A "small number" of U.S. forces have been on the ground in Yemen for the past two weeks helping Yemeni and Emirati forces, led by Saudi Arabia and the United Arab Emirates, battle Al Qaeda in the Arabian Peninsula fighters, the Pentagon announced Friday.

Their presence marks the first time U.S. troops have been on the ground in Yemen since March 2015, when the U.S. military pulled the last of its special operations forces as a civil war raged.

Capt. Jeff Davis, a Pentagon spokesman, said the U.S. forces are providing "intelligence" support to Arab allies fighting AQAP for a "short term."

He declined to offer a more specific timeline or provide the size of the detachment of U.S. forces, characterizing the group as a “small number.”

Davis said there have been four airstrikes against AQAP since late last month. In March, the U.S. military conducted an airstrike in Yemen against the affiliate, killing 70 fighters. The military used jet fighters and drones in the operation, according to officials.

Davis said the U.S. Navy also has positioned the amphibious assault ship USS Boxer and two escort ships, USS Gravely and USS Gonzales, both guided-missile destroyers, off the coast of Yemen. The 13th Marine Expeditionary Unit is headquartered aboard the USS Boxer and has over 2,000 U.S. Marines under its command ready to go ashore if needed.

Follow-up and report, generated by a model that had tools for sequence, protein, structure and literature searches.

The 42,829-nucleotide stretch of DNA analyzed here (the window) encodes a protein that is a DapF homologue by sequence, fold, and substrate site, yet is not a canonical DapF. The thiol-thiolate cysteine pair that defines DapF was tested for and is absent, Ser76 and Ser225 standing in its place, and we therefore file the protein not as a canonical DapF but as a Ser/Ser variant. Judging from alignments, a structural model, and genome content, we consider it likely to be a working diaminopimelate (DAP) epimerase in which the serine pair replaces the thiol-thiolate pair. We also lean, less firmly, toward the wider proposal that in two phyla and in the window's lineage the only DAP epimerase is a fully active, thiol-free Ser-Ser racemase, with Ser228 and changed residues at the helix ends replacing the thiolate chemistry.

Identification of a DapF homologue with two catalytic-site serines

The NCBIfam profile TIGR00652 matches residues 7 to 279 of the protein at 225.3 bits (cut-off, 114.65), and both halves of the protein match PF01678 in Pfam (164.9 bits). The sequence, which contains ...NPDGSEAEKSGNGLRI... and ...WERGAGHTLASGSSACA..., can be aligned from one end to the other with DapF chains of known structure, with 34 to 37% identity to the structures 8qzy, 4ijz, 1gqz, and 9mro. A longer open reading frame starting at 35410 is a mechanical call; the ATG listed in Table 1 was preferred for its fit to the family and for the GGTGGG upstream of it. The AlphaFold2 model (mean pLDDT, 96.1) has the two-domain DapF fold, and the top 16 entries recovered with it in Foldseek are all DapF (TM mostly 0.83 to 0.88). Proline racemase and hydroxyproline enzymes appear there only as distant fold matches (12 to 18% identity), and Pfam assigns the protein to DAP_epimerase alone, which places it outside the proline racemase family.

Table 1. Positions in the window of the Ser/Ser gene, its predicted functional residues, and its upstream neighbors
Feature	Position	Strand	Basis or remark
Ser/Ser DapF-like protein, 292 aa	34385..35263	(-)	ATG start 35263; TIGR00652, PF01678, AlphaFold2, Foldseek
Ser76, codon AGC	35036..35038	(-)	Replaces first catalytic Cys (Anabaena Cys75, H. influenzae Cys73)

Two weeks ago, Yemeni and Emirati forces pushed AQAP militants out of the port city of Mukalla, about halfway down Yemen's coastline in the Gulf of Aden.

The civil war in Yemen has drawn support from Middle Eastern countries along sectarian lines since fighting broke out last year.

Iran-backed Houthi rebels have been fighting Yemeni troops loyal to President Abd Rabbuh Mansur Hadi. AQAP has taken advantage of the chaos to expand its control over large portions of the country.

The State Department closed its embassy in Yemen in February 2015. U.S. Marines protecting the embassy were forced to destroy their weapons before boarding a private charter from Oman during the evacuation.